Introduction to Flyball Training

Your first class session should start out by giving people as much info as you can about Flyball. Be sure to explain what the final goals are and why you will be training a certain way. Most people (I know I was) are probably in a rush and want to try and have their dog learn it all too fast. Since most of the people probably have not seen a Flyball tournament, you may want to try and get ahold of a video from someone. Make sure the handlers really praise their dogs when they do something correct and general consensus is to just ignore the dog when it makes a mistake and have it repeat the exercise from a previous point. I always explain to people that they should do whatever it takes to get their dog pumped up and excited. They can do things like bounce a tennis ball, wave a Frisbee, or anyting else that will entice the dog to return fast. You can't look stupid during Flyball (especially if you have a fast dog).

The vast majority of people recommend teaching Flyball by using the backward chaining techniques from Karen Pryor's book "Don't Shoot the Dog". As such it is best to think of Flyball as the following chain of events:

  1. Release the dog
  2. Jump over first hurdle
  3. Jump over second hurdle
  4. Jump over third hurdle
  5. Jump over fourth hurdle
  6. Approach box
  7. Hit box to release tennis ball
  8. Catch tennis ball
  9. Turn
  10. Return over fourth hurdle
  11. Return over third hurdle
  12. Return over second hurdle
  13. Return over first hurdle
  14. Cross finish line
Step 1.5 (not listed) and 14 are really passes but you don't have to worry about them for a while. Since we want to teach your dogs everything backwards, you will want to start with step 14 and work your way backwards. Whenever you are adding a new jump, I would recommend starting with the dog real close to it. When the dog is consistently going over the jump, move him back a little. If he cuts a jump, move back in until he is consistent again. Slowly work backwards until the dog is being released from where the box is. If you get to the point where you are releasing the dog from the box position and it is running 45 feet over a single hurdle, you are well on your way to having a reliable dog.

Whenever you add a new jump, move up close to it and watch the dog carefully. You want the dog (unless it is small) to single step between jumps. If the dog is not single stepping, move the jumps closer until it single steps. Slowly move the jumps apart until the dog is single stepping at 10 feet.

Once the dog is doing a full recall over all 4 jumps, you are ready to introduce step #9 "The Turn". Do this by starting the dog at an angle. Start with a slight angle and slowly build up to a 180 degree turn. Once they are doing this, you can start releasing them from near the 4th hurdle and have them run to the box. Don't worry about having them release the ball on their own, have the boxloader release it.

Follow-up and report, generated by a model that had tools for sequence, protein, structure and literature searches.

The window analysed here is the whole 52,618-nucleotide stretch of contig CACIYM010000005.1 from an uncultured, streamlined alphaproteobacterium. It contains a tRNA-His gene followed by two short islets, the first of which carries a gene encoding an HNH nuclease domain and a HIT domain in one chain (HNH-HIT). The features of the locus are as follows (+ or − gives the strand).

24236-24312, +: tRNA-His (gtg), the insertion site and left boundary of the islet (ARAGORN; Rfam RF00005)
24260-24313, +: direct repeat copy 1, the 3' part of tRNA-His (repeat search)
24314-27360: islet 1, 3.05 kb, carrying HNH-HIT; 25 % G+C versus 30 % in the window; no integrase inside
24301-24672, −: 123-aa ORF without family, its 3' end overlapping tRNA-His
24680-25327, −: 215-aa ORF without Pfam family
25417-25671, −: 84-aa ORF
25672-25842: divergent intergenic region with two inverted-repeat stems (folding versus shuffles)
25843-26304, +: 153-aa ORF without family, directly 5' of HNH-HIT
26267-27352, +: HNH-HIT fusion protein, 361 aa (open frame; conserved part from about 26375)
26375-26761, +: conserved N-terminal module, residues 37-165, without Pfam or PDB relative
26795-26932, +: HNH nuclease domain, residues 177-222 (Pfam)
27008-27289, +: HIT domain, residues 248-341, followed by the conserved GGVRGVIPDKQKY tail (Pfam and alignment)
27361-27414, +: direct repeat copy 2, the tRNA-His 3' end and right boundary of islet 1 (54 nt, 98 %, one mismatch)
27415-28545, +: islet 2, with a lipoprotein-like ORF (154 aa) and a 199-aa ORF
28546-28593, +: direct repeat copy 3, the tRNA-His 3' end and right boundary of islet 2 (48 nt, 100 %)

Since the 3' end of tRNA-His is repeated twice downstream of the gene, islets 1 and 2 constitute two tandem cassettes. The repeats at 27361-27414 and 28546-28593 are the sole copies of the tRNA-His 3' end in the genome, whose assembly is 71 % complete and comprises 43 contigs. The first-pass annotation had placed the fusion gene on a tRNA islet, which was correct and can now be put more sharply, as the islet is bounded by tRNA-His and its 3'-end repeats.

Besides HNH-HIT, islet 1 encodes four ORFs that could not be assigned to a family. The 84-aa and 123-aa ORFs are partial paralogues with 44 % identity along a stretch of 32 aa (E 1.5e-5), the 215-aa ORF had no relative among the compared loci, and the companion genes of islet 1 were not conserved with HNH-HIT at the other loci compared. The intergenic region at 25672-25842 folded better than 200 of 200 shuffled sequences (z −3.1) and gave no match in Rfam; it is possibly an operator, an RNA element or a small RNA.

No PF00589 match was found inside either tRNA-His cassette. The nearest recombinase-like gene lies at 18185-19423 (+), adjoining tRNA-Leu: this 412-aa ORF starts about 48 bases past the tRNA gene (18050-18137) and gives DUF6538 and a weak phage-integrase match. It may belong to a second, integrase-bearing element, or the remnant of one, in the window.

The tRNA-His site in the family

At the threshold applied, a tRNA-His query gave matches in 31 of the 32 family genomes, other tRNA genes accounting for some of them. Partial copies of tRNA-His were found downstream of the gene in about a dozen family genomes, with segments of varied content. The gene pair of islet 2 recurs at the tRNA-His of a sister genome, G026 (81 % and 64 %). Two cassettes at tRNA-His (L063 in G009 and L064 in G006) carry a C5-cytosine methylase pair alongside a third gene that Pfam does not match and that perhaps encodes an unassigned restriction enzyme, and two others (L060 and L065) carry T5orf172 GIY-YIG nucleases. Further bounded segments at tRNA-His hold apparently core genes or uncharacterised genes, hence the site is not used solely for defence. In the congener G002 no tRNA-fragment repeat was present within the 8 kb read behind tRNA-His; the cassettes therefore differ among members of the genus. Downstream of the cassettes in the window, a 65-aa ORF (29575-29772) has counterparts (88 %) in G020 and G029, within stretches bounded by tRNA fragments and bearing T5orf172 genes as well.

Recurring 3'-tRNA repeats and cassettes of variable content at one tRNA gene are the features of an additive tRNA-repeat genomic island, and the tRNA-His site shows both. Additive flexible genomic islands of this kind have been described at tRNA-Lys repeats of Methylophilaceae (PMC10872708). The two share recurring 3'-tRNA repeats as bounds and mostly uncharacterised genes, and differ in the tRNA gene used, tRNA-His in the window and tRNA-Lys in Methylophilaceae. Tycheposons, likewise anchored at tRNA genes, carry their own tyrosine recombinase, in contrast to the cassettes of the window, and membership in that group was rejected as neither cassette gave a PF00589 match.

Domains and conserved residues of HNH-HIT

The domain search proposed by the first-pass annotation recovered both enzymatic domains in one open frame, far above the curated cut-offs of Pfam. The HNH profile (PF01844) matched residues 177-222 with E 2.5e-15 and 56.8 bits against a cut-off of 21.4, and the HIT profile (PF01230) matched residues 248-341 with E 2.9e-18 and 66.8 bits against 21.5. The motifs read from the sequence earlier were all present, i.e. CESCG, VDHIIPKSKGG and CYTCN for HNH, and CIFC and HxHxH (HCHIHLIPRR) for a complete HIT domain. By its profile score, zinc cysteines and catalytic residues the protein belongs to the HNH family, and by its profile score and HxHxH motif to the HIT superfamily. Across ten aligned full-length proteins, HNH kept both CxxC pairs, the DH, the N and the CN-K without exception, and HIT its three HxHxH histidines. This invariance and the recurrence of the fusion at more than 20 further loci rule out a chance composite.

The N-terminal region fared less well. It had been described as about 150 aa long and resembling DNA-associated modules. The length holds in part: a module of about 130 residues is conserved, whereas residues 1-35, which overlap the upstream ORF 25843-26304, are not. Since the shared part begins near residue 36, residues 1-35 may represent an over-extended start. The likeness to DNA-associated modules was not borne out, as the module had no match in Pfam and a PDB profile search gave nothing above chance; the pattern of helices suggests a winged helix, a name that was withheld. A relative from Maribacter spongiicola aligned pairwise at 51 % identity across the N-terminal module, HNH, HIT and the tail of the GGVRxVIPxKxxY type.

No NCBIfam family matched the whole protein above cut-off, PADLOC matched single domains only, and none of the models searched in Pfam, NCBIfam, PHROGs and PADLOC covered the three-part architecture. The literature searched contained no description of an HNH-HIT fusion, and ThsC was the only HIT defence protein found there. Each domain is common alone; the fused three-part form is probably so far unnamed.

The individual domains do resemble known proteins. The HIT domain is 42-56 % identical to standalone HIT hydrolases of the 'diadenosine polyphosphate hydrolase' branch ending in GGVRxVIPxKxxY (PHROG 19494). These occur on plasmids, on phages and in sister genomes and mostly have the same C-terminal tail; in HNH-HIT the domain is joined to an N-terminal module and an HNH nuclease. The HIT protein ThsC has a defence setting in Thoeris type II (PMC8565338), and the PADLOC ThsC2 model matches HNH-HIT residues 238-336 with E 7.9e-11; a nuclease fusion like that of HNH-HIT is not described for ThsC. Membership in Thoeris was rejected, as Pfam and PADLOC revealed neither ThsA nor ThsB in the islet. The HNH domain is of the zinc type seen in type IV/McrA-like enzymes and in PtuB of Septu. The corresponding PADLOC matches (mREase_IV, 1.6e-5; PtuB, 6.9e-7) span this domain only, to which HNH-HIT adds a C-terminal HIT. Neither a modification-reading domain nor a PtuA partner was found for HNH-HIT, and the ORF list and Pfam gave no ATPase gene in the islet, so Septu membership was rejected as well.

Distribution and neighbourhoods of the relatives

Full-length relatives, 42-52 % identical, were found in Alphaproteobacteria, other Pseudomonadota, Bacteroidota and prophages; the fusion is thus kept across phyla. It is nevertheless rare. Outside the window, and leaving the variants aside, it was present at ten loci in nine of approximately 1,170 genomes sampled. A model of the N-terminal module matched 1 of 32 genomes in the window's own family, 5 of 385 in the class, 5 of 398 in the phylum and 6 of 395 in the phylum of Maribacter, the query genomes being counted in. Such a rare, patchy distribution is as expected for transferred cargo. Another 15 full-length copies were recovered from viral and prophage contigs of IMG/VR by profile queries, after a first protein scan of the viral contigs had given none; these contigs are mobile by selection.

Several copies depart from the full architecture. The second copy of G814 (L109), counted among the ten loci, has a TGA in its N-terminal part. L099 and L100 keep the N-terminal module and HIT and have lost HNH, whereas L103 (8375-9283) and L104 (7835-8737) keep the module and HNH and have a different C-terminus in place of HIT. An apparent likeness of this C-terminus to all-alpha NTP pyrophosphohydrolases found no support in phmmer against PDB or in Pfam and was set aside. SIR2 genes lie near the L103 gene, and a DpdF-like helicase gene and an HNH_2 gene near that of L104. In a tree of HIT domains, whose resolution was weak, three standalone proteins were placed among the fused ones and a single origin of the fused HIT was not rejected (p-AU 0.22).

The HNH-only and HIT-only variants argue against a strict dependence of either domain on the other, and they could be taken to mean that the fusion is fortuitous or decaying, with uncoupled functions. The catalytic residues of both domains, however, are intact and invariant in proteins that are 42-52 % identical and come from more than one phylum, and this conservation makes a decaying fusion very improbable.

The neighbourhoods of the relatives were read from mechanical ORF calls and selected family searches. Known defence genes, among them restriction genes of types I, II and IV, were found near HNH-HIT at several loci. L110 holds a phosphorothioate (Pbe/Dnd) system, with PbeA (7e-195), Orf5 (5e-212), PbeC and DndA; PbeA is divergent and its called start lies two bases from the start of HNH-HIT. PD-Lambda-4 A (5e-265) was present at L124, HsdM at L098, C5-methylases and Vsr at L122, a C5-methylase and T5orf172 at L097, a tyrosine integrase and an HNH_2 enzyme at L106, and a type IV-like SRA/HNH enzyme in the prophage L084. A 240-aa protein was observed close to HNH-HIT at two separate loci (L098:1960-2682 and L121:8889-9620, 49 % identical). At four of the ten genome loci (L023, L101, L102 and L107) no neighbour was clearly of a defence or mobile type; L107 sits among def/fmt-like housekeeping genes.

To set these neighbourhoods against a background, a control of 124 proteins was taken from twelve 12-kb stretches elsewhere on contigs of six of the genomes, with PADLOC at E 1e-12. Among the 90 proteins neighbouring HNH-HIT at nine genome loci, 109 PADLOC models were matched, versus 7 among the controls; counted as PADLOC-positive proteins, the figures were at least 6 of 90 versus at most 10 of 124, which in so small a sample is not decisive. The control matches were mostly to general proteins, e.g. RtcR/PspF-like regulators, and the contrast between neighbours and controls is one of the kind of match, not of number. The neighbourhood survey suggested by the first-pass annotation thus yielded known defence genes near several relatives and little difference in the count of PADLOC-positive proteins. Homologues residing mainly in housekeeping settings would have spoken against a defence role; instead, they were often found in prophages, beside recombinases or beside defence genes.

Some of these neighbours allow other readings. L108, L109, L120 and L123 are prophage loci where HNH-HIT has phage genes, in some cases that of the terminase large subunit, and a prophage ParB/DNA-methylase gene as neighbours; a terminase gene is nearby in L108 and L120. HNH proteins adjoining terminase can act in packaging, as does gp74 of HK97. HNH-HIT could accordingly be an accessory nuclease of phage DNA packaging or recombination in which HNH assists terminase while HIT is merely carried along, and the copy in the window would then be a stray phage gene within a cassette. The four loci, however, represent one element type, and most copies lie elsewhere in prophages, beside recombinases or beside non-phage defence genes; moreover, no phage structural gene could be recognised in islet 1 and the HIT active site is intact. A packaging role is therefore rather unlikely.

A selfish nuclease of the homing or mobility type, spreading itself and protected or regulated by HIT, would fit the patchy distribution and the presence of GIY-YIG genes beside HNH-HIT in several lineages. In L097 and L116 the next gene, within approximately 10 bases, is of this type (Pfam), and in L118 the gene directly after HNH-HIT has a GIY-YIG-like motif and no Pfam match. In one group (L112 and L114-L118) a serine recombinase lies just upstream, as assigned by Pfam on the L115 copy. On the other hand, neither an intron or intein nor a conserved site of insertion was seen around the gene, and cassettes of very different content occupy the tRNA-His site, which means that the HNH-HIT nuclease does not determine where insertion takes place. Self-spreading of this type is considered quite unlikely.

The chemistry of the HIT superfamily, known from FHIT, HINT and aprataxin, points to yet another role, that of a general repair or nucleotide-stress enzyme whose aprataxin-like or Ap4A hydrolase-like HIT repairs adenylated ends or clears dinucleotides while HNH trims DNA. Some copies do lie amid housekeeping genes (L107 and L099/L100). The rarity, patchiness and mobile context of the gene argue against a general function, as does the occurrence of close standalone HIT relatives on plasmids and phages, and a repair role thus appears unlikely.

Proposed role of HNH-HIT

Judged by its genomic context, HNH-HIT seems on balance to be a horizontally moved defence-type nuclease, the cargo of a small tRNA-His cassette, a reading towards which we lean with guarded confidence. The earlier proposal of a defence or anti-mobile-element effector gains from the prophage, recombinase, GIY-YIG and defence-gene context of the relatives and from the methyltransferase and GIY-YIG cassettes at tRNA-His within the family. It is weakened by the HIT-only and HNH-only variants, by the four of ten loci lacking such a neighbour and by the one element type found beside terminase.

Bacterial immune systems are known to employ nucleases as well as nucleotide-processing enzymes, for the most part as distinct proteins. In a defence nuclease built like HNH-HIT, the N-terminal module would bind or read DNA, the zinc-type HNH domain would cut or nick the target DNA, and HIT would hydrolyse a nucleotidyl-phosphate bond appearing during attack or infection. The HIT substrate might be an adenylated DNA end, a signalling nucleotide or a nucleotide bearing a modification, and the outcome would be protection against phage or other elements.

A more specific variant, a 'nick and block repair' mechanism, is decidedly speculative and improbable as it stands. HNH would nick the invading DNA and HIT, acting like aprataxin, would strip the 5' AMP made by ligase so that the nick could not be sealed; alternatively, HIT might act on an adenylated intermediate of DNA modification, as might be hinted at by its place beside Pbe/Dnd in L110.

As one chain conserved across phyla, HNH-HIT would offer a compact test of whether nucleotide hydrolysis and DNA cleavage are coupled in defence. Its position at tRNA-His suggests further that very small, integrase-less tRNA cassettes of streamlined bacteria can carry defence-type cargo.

Steps 5 through 1 are taught just like the recall except in reverse order.

Once the dog is doing a full outrun and recall, you can start delaying the ball release little by little. It is important to release the ball just before the dog slows down (you don't want him to slow down at the box). Eventually, most dogs end up just hitting the box and little initial box work is required.

If you only have two hurdles to work with, I would recommend putting them in the normal position of the two hurdles closest to the start/finish lie.

What kind of box do you have? If it is a catapault style, don't bother trying to teach the dogs to hit the box (or at least delay it as long as possible) as they have to slow down to hit this kind of box safely.

Some people like to surround the lane with netting or expansion (kiddie) gates. This prevents the dogs from cutting jumps. It is a matter of personal preference and it just changes when you teach the dog not to cut jumps. For what it's worth, our team recently switched to training without gates and it appears to work fine. If you decide to use gating, once the dog appears to be doing well, remove the gating one section at a time. Some people recommend removing the middle section(s) first and working your way outwards.

One thing you need to be concerned with is that every dog will learn at a different pace. I think it would be hard to try and have a set schedule. I guess we can call it a form of outcome based education. We generally have 2 to 3 instructors at the beginners practice and things really keep moving. Since most of the time is spent on the recall, we have one person holding the dog, and the others are "runners". We've also found that since we have dogs being walked to the release point while others are running, it helps to teach them to ignore other dogs from the start. It doesn't take too many dogs before things are really hopping. There isn't a whole lot of sitting around for anyone.

There is no cookbook for learning Flyball, your best bet is to keep track of everything recommended and do what works best for your team. Sometimes (especially when you are in need of dogs) you may want to relax some things inorder to keep the handlers interested. Since using netting or gates makes it appear as if the dogs are learning faster, you may want to use them to keep the people interested.

Remember, people respond to positive reinforcement so your job is to praise the handlers much like they praise their dogs.

Copyright © 1996 Kathryn Hogg,
Last Modified: Feb 7, 1996